A question of the self is at the center of the book: What does it mean to be the “face” of a media company that you don’t own? How did you approach this massive idea, especially given that it’s still so pervasive in media companies?

I was very critical of that. It’s really important for people to know what goes on behind closed doors at media companies. I don’t think women’s media is as powerful in the cultural conversation as it was even five years ago, but it [still] holds a certain weight. It gets away with external branding and doesn’t hold itself accountable for those values internally. That’s ultimately why I had such a hard time at various jobs: We were telling readers that editorial was woke, but the staff was treated the way staff at magazines have always been treated—pretty terrible. When I became EIC [at Nylon] it was very complicated. I’m happy in leadership positions and in guiding visions, but I’ve never wanted to be in front of the camera. Once I realized it was up to me and that I could say no to certain things, I really focused on elevating other people. I was very aware that though I’m a lesbian, I’m really just another skinny white woman in media. I was so sick of that. I also think that decision to not put myself out there as much as I could have didn’t serve my career in the long run; I met people all the time who had no idea who I was.

I was really drawn into the discussions of money. You go as far as to list your salaries and direct quotes about how much you should or shouldn’t have been making in any given role. This feels rare. As you explain, media is able to pay staff as little as possible because there’s such a lack of transparency. Why is it so important to be open about money?

That was some of the information I was the most nervous about including. There were so many things I wish I’d known when I was younger about how much people make. I had no idea what was reasonable. There was secrecy from my coworkers because people are told not to discuss salaries, and as soon as I started asking people and found out how much people were making, I was like, “I’m not going to continue this tradition of silence around money.” There’s a myth in media (and I’m sure in other places) about the six-figure salary. That’s the bar; if you reach that, you’ve made it. It’s so arbitrary, especially since media happens in expensive cities. It doesn’t actually get you a fabulous luxurious life. You’re still not upper class, and you’re still being forced to participate in this luxury culture you can’t otherwise afford. I’m hoping if I start talking about it that other people will talk about it and we can collectively decide what this work is worth.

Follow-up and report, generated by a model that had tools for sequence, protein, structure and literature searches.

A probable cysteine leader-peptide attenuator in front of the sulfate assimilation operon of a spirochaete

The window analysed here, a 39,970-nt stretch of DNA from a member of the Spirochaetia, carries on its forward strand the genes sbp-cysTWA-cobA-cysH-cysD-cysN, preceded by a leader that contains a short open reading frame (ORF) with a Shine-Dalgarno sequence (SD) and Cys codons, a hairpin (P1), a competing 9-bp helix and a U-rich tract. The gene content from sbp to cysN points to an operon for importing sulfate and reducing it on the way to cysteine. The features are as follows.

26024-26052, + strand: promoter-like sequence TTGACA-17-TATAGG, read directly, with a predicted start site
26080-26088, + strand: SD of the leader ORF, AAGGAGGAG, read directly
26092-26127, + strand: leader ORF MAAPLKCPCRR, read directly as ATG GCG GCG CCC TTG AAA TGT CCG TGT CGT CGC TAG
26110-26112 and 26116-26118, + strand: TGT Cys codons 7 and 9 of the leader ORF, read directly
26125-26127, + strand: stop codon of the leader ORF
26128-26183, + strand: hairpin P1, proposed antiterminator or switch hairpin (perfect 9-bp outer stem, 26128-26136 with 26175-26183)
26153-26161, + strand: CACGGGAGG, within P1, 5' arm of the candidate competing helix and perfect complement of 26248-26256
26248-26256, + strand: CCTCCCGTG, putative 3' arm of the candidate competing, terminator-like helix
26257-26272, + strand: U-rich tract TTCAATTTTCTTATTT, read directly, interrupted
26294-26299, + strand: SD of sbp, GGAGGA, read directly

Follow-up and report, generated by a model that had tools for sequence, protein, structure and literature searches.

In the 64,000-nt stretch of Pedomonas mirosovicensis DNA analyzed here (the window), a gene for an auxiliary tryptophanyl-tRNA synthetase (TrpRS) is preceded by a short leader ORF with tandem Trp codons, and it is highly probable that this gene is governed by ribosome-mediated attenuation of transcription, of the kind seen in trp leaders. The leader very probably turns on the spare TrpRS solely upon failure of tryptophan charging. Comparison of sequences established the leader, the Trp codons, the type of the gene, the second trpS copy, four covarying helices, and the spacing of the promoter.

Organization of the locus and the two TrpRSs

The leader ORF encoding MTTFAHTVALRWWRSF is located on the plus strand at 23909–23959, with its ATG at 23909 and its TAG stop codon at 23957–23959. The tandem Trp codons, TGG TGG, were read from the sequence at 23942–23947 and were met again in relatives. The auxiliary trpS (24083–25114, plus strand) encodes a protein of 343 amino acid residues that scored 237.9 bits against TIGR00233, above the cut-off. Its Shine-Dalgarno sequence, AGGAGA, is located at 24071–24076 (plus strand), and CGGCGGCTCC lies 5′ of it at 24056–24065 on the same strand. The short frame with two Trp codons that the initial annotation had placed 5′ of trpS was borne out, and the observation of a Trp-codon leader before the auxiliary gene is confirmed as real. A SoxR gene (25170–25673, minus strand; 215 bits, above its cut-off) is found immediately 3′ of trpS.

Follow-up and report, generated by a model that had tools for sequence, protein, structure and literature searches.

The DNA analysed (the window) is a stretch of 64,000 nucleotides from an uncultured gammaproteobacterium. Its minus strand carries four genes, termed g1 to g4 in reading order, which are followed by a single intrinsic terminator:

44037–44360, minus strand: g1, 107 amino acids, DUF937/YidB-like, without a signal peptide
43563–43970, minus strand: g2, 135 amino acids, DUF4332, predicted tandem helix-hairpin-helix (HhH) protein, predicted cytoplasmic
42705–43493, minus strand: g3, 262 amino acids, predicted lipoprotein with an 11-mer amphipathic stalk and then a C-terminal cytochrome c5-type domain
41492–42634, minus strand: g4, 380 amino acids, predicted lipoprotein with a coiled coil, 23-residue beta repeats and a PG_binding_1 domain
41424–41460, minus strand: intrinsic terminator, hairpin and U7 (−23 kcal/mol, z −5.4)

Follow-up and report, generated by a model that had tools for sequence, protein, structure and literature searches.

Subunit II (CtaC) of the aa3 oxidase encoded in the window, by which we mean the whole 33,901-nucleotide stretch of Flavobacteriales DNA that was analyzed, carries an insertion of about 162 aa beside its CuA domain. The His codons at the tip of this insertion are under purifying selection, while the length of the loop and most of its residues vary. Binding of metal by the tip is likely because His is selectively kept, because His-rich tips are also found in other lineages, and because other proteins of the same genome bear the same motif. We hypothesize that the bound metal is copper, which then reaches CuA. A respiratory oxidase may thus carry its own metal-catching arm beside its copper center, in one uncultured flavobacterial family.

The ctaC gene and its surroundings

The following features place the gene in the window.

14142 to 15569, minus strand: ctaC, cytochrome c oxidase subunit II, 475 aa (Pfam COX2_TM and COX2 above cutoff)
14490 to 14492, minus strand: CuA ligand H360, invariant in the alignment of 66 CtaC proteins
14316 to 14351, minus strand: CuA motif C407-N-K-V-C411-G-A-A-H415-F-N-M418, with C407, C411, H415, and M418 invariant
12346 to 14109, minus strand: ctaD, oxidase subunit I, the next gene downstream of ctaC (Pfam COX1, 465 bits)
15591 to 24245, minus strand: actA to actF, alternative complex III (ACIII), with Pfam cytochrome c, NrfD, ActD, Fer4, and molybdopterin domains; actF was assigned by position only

A blush pink book cover reading

Everybody (Else) Is Perfect: How I Survived Hypocrisy, Beauty, Clicks, and Likes by Gabrielle Korn (Photo credit: Atria Books)

You write a lot about ageism in this book. You write, “It was interesting to have gone from ‘too young to be taken seriously’ to ‘too old to be cool’ so quickly. Just like there’s no right way to have ambition when you’re a woman, there’s no right age to be; you’re either too young or too old with nothing in between.” In many ways, it feels like ageism is one issue we refuse to contend with in any real way beyond jokes and memes like “OK Boomer” and “Gen Z will save us.”

I had my own experiences with ageism. That’s the best evidence I’ve had. I became an EIC at a really young age. It was an incredible opportunity, and it also meant the company I worked for got to pay me less. I wasn’t doing less work. I wasn’t doing less of a good job. I was just young and thirsty. This industry is so obsessed with youth for a lot of different reasons and we’re all aware of the aesthetic bias for young people, but there’s also something that happens when you have jobs where your success is defined by how much work you can crank out. It’s specific to really young people; I’m in my 30s and I don’t think I could at this point write the volume of stories I was writing at 24. What happens in media is [that] jobs fill out with young people and they burn out—and then they’re replaced by other young people.